NEW ORLEANS -- You may have seen a petition circulating on social media aimed at getting LSU to change their mascot.

The headline reads “Change the racist mascot of LSU," and goes on to say “these powerful white males choose the Tiger as a symbol to honor a confederate regiment called Louisiana's Tigers. They were known for their propensity for violence on and off the battle field. They were just as violent to the black slaves they owned, and later even more violent once those slaves were set free."

Is there any truth to that statement? We started our search for answers at LSU.

Media Relations Director Ernie Ballard told us that the university is aware of the “largely anonymous petition suggesting the university change the mascot.”

“The tiger mascot was adopted in the 1890's by the football team and was selected based on lore about the battlefield ferociousness of a Louisiana regiment operating in Northern Virginia,” Ballard confirmed.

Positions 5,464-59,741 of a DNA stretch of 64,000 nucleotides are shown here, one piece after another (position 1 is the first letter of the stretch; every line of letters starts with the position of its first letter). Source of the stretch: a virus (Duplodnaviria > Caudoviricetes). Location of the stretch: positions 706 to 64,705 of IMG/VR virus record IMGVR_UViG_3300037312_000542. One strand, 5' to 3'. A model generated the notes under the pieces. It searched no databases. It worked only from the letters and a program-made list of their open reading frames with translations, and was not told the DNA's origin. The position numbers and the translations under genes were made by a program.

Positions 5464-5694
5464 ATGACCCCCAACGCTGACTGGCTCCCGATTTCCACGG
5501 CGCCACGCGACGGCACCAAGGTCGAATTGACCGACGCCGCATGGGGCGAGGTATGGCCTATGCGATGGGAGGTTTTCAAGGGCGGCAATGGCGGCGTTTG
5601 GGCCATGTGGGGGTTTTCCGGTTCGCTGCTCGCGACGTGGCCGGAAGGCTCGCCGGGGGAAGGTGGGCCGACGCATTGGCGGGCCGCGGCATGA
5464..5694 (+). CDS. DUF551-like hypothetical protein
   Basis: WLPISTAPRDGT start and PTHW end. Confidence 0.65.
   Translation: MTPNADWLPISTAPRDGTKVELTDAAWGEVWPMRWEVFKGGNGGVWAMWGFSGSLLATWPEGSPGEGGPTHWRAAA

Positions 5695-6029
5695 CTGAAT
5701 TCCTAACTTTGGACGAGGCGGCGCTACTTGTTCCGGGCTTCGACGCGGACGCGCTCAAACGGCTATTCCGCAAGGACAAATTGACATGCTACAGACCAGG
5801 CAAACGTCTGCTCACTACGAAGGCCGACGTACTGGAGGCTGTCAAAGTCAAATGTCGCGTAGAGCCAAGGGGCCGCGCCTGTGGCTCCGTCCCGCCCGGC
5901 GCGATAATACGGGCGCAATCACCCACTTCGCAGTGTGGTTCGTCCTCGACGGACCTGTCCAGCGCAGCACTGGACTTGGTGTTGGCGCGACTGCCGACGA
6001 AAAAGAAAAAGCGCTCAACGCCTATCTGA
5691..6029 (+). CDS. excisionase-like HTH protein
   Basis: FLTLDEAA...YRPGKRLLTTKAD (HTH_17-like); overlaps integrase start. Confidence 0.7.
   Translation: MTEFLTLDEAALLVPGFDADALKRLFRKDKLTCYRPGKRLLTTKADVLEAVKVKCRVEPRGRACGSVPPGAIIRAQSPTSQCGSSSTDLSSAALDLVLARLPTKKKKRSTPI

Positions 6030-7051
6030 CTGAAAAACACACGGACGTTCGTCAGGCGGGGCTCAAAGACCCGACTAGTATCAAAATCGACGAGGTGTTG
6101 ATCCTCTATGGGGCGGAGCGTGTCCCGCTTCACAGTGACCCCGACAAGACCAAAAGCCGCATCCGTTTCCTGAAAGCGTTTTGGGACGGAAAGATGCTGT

But as for the alleged "propensity for violence off the battlefield" or their alleged ownership or treatment of slaves before or after the war? Ballard says "there is no information about soldiers' conduct outside of the battlefield accounts."

A 2015 Times-Picayune article sheds a little more light. Terry Jones, then a UL-Monroe history professor and author of "Lee's Tigers," a book about the regiment, is quoted as saying "by all accounts the Louisiana Tigers were an infamous bunch of rough-housers. Their ranks consisted mostly of ruffians, poor immigrant farmers and mercenaries from foreign wars."

So, while we can verify that the LSU Tigers are named after a Confederate regiment, their alleged ownership and notoriously violent treatment of slaves needs to be backed up before it can be taken seriously.

And there's one more thing we can verify: LSU said very bluntly that they are “not considering changing the mascot."